‘I had my own world and it wasn’t very happy,’ she recalls. ‘I was not a very sociable kid. That was my personality. I didn’t really know what to do with myself when I was young.’ As young as pre-school, she underlines, maybe since she was four years old. ‘Part of myself was happy and part of myself was so dark. For me relationships between people were very hard to get. I know a lot of people were jealous of my family because we had so much freedom. Our apartment was a space of creativity. We were allowed to draw on every wall of the house. I was confronted by jealousy very, very early on, and when you’re a kid it’s hard to be different. I was very sensitive.’ As a consequence, Marion would retreat into her own world. ‘A private world,’ she reiterates.

Those dark shadows have pursued her throughout much of her life; only in recent years has she been able to find some kind of accord with the anxieties she’s harboured. ‘I’ve finally made peace with myself,’ she reveals. ‘I’ve met amazing people who gave me the keys to make peace with myself.’

The catalyst for change almost certainly came in form of Guillaume Canet, one of the leading lights of French cinema who enjoyes heart-throb status in his homeland. Their friendship dates back to 2003, when they worked together on the film Love Me If You Dare, but it wasn’t until 2007, a year after Canet divorced actress Diane Kruger, that the couple got together. Their son, Marcel, celebrated his first birthday days before our interview and, accompanied by Marion’s mother, makes a visit to today’s shoot – a little billingual dynamo with the chicest of grandmothers.

Marion is typically guarded about her private life but can’t help revealing the positive effect Canet has had on her life and the depth of feeling they shere. When, while attempting to tease out the inner workings of her mind, I enquire whether she has ever had an out-of-body experience, she replies: ‘Not really,’ before correcting herself. ‘Halfway. Well, I think that when you’re in the state of extreme love you can travel with more than your body.’

Then there’s one of the books that changed her life: The Four Agreements by Don Miguel Ruiz – a new-age self-help text based on ancient Toltec philosophies (a precursor of the Aztec culture, based in Mexico), which found fame after being featured on The Oprah Show. The four agreements are: Be impeccable with your word. Don’t take anything personally. Don’t make assumptions. Always do your best. Marion confides how it has become central to her own way of thinking, before confiding: ‘My boyfriend gave me that book four years ago.’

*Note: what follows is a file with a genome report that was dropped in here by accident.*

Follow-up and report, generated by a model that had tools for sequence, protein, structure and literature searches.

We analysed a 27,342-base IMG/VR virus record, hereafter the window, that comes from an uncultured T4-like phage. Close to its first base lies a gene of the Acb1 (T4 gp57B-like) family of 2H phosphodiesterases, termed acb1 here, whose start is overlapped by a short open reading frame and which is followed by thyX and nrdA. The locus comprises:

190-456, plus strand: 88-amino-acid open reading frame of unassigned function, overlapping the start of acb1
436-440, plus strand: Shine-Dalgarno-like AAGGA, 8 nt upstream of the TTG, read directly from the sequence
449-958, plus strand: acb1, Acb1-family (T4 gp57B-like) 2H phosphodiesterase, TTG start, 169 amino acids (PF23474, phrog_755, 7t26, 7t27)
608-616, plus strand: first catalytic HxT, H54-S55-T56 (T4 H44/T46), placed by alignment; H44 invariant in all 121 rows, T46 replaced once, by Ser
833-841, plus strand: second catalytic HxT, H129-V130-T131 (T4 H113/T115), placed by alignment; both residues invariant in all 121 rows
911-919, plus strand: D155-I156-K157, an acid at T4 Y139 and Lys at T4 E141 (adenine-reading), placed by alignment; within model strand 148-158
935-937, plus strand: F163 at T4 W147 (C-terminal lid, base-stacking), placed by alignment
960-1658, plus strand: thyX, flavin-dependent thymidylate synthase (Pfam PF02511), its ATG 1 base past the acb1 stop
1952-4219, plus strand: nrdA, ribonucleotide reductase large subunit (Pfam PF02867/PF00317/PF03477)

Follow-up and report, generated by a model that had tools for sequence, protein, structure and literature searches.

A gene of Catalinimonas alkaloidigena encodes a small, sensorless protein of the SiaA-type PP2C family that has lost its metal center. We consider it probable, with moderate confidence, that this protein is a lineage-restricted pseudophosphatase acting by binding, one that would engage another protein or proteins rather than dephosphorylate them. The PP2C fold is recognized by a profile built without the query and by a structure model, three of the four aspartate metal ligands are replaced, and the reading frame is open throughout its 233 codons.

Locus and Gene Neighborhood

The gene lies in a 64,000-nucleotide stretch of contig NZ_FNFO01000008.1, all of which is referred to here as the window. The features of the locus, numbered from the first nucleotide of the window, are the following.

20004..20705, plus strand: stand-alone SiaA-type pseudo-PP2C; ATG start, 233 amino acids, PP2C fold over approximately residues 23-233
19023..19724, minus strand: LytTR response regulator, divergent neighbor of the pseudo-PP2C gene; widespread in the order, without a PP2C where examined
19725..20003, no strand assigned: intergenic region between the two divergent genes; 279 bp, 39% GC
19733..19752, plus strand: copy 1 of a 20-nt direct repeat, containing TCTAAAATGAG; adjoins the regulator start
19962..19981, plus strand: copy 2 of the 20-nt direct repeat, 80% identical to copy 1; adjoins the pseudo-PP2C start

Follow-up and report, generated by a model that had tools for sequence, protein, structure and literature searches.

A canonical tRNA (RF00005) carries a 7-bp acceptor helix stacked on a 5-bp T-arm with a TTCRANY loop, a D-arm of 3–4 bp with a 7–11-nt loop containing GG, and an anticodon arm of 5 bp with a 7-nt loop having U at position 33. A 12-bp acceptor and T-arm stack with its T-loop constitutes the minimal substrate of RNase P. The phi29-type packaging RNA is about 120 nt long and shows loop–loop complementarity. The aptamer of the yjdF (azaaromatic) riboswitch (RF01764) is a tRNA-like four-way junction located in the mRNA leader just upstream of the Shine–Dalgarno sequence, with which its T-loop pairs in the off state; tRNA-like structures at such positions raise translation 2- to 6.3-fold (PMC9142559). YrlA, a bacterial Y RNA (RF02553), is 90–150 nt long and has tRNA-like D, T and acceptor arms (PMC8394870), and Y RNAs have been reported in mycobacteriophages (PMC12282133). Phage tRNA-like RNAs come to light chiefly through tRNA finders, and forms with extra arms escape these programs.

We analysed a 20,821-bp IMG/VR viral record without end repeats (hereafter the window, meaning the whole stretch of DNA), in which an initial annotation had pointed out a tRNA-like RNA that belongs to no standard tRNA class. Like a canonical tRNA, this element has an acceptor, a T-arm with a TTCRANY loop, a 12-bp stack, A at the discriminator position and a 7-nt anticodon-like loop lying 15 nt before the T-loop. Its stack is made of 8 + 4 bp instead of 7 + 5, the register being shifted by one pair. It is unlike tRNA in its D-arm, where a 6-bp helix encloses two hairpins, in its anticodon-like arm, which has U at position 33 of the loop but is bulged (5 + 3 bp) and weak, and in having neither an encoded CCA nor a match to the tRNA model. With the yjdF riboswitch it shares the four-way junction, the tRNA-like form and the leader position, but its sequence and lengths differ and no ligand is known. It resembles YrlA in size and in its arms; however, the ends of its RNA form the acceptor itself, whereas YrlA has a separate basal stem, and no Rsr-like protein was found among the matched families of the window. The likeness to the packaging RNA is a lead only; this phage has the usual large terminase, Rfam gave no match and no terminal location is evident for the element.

Those past four years have coincided with the most productive period in the actress’s career. The Oscar effect has seen her star in films ranging from Inception with Leonardo DiCaprio to Public Enemies alongside Johnny Depp. This month she takes on one of Hollywood’s biggest franchises with the latest Batman movie release, The Dark Knight Rises, the details of which remain a closey guarded secret: ‘The superhero I’ve always been most obsessed with,’ is all she’ll say. Her schedule can only be described as hectic. A few days before we meet, she was in Cannes for the premiere of Rust and Bone, a French movie already touted as Oscar material. From there Marion flew back to New York, where she and Canet are currently shooting Blood Ties (he directs, she stars along with Mila Kunis, Zoe Saldana and Clive Owen). ‘Working with the man you live with? she jokes later. ‘One day I’ll write a book!’ And I’ve not even mentioned her side project as occasional member of the French rock outfit Yodelice, making sporadic guest appearances in the guise of her alter ego, Simone.

It’s evident that, for Marin, work has therapeutic benefits, allowing her to explore psychological depths she might otherwise prefer to steer clear of. While warm and charming during the interview, and quick with humour – when asked whether she’s ever considered directing she responds, ‘Maybe in a few years, but by then I’ll have 35 kids of my own!’ – she thinks long and hard before delivering her answers. It’s a habit undoubtedly exaggerated by her endeavours to master a foreign language but is also a reflection of her desire to decipher her own thoughts. You get the sense those big existential questions about why we we are here and what we are doing are a constant torment, that her search for contentment is an ongoing project.

Marion’s hero is the late Kenyan environmentalist Wangari Maathai, who became the first African woman recipient of the Nobel Peace Prize. She’s also an active and passionate supporter of Greenpeace.

When I enquire if she’s surprised at the power and responsibility of celebrity, it’s apparent this isn’t the first time she’s examined a subject that has transparently been the cause of much soul-searching. ‘Lately,’ she says, ‘I’ve thought a lot about whether it really changes something if I speak for a cause or an organisation. Does it help? Is it worth it? Wangari Maathai, Aung San Suu Kyi, Mandela – they change things. But actors and celebrities, I don’t know. Maybe…’ Then, arguing with herself: ‘Maybe it’s because I don’t give enough time to people I support. Sometimes I feel like I should choose between the life I have and supporting a cause that needs all the time we have.’

I wonder what would have become of Marion Cotillard had she not succeeded in becoming the actress she is today. ‘If it never happened?’ she replies. ‘Wow! I would have been…’ And her voice falls silent. There’s a lenghty pause, part of her lost in the unthinkable. ‘I don’t know,’ she says eventually. ‘I believe that you are where you should be and I believe that things that happen to you happen for a reason. So if it had never happened it would have been because I was meant to do something else.’